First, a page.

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Publish date

7 February 2023

Don’t fall into the gap trap! Difficulties with concurrent leases and the Electronic Communications Code


Tenants of leases subject to and with the benefit of the Electronic Communications Code (the Code) agreement (also known as concurrent or intermediate leases) should be wary of falling into a gaping trap in the Code. It has been confirmed that a tenant of a concurrent lease does not have the right to use the Code to end an existing Code agreement if it was granted before their concurrent lease. Any tenants therefore contemplating redevelopment of land in such circumstances must consider alternative structures to avoid this trap.

This gap was highlighted  by the recent case of Vodafone Limited (Vodafone) v (1) Gencomp (No.7) Limited (Gencomp) (2) AP Wireless II (UK) Limited (APW).  The Tribunal in this case was actually considering how an operator in occupation can renew its Code rights if a concurrent lease has been granted to a third party. However, the way the Code has been interpreted and applied in the judgment confirmed this potential gap trap.

Facts of this case

In 2003, Vodafone was granted a lease (a Code agreement) of the roof of the Old Fire Station in London by the freeholder. Vodafone took occupation of the site for its electronic communication apparatus.

Before the expiry of Vodafone’s lease, a concurrent lease was granted to APW (expiring in 2058). The concurrent lease was granted subject to and with the benefit of Vodafone’s lease and APW became Vodafone’s immediate landlord.
At the time of the case Gencomp (No.7) Limited (Gencomp) was the freeholder of the site.

Vodafone’s lease expired and it wanted to renew it under the Code. However, due to APWs concurrent lease it did not know who had the right to renew its agreement. The key issue for the Tribunal was therefore if it was the freeholder (Gencomp) or the immediate landlord (APW) who was the appropriate party to renew Vodafone’s agreement.

Applicable parts of the Code

The applicable parts of the Code are Part 4 and Part 5.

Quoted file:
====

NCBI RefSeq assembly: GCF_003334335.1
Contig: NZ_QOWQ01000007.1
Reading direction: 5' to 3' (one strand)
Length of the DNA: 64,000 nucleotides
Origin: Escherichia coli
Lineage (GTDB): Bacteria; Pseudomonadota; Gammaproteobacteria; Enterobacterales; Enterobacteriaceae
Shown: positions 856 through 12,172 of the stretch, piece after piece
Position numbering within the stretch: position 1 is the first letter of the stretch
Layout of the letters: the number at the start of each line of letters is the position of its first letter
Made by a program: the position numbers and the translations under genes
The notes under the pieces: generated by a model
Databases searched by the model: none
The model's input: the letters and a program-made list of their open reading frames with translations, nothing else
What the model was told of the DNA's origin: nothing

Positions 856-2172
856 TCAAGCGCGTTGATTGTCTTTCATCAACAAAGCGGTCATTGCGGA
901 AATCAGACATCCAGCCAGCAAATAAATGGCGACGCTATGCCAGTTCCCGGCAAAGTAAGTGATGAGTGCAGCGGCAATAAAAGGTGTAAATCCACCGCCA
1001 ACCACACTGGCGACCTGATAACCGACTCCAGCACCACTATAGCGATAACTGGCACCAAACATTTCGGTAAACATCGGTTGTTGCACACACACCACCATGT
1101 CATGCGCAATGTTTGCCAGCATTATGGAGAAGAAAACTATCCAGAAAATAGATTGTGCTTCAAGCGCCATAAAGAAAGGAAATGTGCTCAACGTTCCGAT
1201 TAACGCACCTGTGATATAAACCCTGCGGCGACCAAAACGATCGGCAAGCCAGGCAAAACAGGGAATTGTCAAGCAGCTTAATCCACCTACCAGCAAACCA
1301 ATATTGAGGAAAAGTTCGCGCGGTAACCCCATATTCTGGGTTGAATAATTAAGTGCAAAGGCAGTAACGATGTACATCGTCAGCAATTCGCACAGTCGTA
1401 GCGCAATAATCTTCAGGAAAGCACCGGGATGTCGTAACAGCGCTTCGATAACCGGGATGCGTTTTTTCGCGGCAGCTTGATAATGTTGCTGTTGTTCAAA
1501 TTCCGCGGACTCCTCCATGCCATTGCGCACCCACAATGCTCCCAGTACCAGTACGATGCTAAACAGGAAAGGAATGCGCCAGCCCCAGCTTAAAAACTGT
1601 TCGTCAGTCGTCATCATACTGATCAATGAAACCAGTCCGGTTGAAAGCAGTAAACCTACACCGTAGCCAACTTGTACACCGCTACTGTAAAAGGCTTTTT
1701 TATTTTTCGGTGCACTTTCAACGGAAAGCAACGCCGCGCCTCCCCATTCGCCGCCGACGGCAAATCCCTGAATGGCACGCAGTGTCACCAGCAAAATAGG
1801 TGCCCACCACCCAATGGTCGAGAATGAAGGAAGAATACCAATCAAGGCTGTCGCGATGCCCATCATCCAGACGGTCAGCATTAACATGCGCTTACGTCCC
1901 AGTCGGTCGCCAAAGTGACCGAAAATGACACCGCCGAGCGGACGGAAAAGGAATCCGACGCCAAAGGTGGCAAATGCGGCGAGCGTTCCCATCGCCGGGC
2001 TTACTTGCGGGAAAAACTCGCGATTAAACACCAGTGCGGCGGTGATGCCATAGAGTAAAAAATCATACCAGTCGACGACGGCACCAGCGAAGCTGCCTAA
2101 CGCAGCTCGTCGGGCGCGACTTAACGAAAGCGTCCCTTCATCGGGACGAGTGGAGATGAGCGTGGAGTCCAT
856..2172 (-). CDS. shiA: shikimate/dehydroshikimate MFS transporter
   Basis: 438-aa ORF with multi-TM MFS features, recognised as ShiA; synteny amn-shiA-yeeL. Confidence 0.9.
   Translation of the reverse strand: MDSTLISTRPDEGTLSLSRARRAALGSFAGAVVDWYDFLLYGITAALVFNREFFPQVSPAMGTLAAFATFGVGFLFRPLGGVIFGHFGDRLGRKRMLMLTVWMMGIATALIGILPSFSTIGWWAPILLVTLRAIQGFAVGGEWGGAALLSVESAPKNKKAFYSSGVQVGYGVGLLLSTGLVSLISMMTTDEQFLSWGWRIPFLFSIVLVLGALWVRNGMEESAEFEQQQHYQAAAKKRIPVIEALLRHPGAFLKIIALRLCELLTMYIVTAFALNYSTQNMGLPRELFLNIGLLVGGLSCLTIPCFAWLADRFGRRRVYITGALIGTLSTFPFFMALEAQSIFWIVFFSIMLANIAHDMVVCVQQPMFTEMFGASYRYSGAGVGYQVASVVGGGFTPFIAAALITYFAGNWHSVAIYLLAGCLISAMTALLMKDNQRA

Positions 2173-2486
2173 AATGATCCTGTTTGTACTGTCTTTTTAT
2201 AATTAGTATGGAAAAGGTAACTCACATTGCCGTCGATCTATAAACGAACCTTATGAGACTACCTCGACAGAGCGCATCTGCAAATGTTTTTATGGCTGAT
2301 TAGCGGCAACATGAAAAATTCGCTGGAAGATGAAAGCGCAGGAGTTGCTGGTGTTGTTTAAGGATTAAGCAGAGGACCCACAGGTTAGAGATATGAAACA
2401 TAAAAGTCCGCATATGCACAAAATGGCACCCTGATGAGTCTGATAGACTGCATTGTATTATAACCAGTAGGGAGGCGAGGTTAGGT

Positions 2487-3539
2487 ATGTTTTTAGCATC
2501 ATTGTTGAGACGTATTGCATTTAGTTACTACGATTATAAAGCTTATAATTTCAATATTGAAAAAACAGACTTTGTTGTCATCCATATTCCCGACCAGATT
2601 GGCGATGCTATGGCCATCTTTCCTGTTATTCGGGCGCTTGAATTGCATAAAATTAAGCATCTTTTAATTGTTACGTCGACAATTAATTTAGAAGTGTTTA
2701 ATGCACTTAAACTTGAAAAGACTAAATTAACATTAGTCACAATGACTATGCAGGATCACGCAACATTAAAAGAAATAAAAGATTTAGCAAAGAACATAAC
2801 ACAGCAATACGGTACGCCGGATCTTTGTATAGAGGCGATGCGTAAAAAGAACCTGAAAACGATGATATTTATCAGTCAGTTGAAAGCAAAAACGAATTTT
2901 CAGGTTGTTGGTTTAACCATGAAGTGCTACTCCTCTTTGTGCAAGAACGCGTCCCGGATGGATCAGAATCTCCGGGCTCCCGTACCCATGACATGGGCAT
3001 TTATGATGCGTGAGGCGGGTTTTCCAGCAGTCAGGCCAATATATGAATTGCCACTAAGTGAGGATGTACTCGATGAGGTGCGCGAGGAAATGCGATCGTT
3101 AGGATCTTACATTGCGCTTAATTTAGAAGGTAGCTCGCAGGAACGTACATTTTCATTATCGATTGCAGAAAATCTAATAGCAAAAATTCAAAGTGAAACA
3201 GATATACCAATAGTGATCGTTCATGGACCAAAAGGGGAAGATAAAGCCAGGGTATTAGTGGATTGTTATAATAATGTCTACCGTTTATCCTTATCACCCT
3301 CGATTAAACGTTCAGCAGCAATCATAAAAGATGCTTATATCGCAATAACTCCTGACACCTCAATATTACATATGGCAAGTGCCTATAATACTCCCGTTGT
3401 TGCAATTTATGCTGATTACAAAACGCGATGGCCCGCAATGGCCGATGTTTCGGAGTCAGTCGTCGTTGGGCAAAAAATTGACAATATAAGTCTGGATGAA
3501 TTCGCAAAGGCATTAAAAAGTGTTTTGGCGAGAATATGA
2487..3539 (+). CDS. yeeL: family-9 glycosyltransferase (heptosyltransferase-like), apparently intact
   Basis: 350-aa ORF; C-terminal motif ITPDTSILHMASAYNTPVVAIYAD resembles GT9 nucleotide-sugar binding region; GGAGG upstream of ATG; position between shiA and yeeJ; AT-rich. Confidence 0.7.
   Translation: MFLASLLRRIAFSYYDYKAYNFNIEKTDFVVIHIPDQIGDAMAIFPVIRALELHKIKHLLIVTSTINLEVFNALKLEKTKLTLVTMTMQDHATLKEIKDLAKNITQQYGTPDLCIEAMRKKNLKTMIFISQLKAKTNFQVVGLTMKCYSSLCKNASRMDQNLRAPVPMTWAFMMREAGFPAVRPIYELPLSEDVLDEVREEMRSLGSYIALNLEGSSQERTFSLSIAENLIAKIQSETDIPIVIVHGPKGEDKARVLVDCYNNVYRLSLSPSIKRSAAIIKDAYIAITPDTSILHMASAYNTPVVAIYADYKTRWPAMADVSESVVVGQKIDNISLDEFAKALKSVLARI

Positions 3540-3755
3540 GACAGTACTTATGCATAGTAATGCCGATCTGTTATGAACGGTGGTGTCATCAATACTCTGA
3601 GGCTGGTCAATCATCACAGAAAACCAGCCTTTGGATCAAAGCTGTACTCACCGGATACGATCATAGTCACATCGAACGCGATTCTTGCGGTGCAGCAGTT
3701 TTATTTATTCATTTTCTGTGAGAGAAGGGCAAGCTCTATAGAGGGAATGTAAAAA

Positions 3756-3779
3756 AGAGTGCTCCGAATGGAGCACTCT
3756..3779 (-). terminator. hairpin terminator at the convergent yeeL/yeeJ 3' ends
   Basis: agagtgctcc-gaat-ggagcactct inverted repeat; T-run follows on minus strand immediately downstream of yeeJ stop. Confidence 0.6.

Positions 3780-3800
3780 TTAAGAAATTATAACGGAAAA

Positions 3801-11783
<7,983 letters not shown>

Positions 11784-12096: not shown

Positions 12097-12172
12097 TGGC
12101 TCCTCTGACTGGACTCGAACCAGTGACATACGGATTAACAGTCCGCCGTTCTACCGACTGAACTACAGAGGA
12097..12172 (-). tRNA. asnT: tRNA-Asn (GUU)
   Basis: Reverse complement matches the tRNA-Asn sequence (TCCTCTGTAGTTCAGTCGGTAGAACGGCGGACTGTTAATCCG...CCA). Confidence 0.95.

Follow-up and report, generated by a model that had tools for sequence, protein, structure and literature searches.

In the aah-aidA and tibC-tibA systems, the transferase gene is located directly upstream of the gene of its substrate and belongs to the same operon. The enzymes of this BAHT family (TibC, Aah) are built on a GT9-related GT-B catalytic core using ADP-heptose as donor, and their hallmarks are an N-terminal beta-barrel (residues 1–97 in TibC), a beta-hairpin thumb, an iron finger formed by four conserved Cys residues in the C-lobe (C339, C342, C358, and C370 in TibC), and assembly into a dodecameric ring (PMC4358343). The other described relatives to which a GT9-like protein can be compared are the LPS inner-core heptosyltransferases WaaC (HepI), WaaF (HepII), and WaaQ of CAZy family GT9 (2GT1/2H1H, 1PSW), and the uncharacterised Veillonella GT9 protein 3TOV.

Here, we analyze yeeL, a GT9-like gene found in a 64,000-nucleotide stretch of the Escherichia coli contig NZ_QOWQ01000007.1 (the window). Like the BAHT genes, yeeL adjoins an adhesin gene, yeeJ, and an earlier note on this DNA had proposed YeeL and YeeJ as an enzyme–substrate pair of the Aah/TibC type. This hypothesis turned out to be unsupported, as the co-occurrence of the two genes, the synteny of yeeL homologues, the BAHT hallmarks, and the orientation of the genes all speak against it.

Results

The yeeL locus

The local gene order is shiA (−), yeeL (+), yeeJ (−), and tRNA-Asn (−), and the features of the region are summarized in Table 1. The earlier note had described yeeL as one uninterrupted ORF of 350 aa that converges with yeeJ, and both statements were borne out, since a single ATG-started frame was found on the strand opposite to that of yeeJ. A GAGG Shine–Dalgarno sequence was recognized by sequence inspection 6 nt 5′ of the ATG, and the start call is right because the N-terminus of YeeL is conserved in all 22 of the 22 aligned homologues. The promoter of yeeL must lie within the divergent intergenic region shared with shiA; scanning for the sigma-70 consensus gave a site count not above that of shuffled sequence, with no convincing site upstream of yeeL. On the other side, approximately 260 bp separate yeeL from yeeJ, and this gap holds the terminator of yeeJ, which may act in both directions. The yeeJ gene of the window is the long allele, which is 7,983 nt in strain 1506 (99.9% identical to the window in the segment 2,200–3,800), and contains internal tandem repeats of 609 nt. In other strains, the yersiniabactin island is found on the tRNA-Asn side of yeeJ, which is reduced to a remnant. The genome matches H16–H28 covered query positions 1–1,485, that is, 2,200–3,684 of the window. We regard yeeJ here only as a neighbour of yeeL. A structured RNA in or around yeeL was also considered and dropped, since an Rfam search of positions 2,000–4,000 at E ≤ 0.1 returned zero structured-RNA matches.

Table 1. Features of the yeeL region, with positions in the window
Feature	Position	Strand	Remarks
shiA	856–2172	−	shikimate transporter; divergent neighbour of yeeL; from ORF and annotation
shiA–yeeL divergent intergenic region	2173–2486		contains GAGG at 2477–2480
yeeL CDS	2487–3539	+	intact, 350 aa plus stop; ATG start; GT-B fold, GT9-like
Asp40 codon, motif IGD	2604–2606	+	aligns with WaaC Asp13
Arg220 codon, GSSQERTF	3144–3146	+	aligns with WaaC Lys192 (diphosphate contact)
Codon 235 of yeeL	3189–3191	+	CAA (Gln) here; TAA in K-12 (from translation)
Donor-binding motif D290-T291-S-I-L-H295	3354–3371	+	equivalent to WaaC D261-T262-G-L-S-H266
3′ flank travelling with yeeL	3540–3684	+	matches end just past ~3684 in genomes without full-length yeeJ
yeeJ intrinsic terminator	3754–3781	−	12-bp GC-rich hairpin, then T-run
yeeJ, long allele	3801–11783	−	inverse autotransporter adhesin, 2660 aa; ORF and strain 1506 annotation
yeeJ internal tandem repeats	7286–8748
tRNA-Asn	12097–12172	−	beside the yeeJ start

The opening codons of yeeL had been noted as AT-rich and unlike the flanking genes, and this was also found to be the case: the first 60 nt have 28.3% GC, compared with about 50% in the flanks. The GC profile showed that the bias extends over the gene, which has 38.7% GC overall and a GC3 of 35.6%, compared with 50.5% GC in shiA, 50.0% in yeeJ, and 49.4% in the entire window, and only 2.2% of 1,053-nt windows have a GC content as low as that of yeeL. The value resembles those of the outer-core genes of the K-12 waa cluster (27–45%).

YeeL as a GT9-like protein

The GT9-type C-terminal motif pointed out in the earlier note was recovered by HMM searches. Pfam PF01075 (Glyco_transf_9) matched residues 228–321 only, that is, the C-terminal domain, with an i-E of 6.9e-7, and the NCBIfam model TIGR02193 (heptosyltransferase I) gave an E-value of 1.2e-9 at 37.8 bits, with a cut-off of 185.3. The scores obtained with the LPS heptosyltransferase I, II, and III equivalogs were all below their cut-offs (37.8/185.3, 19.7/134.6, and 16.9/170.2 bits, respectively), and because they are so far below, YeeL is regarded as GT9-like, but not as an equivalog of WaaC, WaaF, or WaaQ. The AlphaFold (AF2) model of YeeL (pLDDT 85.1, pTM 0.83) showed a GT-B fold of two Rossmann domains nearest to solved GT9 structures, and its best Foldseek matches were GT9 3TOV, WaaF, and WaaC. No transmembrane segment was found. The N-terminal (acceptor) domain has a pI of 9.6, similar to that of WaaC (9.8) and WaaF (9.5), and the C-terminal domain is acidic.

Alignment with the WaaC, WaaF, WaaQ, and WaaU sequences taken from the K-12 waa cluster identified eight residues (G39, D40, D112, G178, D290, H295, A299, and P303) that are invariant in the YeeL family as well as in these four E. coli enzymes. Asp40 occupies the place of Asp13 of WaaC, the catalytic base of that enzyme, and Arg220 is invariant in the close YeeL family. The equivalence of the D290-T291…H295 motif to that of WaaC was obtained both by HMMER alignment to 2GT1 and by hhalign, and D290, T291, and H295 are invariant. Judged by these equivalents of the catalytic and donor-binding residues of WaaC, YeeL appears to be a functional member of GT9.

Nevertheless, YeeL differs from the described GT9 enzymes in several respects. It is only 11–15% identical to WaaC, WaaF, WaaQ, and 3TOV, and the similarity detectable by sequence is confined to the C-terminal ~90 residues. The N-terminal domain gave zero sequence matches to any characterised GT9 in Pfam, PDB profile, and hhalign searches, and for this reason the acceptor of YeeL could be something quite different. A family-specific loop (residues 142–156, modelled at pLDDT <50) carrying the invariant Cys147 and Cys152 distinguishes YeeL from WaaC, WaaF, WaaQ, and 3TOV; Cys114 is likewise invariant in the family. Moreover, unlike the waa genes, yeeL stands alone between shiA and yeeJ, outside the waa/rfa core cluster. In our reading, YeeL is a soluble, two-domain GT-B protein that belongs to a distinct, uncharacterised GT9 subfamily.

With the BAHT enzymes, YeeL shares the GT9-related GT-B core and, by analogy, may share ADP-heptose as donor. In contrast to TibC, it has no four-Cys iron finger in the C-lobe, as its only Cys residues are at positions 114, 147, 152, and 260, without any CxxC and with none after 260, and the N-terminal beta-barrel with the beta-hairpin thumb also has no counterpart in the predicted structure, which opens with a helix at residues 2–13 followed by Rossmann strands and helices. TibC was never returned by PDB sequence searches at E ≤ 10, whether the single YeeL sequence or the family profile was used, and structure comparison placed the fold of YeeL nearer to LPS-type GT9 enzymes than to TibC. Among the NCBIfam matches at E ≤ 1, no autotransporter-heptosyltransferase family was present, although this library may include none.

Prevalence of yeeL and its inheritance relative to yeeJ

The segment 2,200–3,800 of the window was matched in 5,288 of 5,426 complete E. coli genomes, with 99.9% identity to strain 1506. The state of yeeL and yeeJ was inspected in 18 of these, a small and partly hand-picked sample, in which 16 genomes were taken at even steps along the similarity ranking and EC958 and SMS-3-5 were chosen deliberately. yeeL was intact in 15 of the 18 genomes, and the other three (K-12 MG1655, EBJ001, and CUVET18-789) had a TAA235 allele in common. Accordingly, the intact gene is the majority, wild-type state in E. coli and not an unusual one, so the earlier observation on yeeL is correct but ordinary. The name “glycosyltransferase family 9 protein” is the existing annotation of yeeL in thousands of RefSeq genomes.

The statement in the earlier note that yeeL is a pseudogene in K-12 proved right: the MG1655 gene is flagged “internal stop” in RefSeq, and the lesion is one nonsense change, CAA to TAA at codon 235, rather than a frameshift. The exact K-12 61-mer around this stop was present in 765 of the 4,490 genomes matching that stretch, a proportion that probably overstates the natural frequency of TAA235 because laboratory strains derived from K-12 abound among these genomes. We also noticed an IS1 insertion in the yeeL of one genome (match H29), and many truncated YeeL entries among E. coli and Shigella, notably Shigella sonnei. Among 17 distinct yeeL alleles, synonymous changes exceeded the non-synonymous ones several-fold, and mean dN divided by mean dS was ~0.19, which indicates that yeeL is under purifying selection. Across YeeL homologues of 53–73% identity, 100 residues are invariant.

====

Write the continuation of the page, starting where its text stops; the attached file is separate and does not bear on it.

Under Part 4 of the Code telecommunications operators have rights in order to facilitate and operate their networks. Part 4 enables an operator to give notice to a relevant person and require them to provide a Code right or to be bound by a Code right.

Part 5 of the Code governs the continuation, renewal and termination rights of Code agreements. Part 5 states that notices can only be served on the other party to the original Code agreement (or their successors in title).

The Decision

The Tribunal considered Part 4 and 5 of the Code.

Part 5 – the Tribunal found that it did not have jurisdiction to order the renewal of the Code agreement under Part 5 of the Code.

The freeholder gave up its rights under Part 5 when granting the lease to APW. However, the immediate landlord APW was not a party to Vodafone’s original Code agreement or a successor in title to the freehold interest. Therefore, under Part 5 APW weas also unable to renew (or terminate) the Code agreement.

Part 4 – the Tribunal found it did have jurisdiction to order the renewal of the Code agreement under Part 4 of the Code.

APW as the occupier was in a position to grant new Code rights or to have a Code agreement imposed upon it by the Tribunal.

What do Tenants of concurrent leases need to be aware of regarding the Code?

The Tribunal’s decision provides clear guidance in relation to who an operator should serve notice on to renew a Code agreement.

However, it also makes it clear that if you are the tenant of a concurrent lease as you are not an original party to the Code agreement you cannot bring a Code agreement to an end using Part 5 of the Code. This is certainly problematic for development purposes. Tenants of concurrent leases should think about alternative structures if they wish to develop, such as becoming a party to the Code agreement or making sure any Code agreement is terminated before they acquire their interest.

Permission to appeal this decision has been granted so we will wait with interest to see how it progresses.

If you have any questions about this topic, please get in touch with one of our experts

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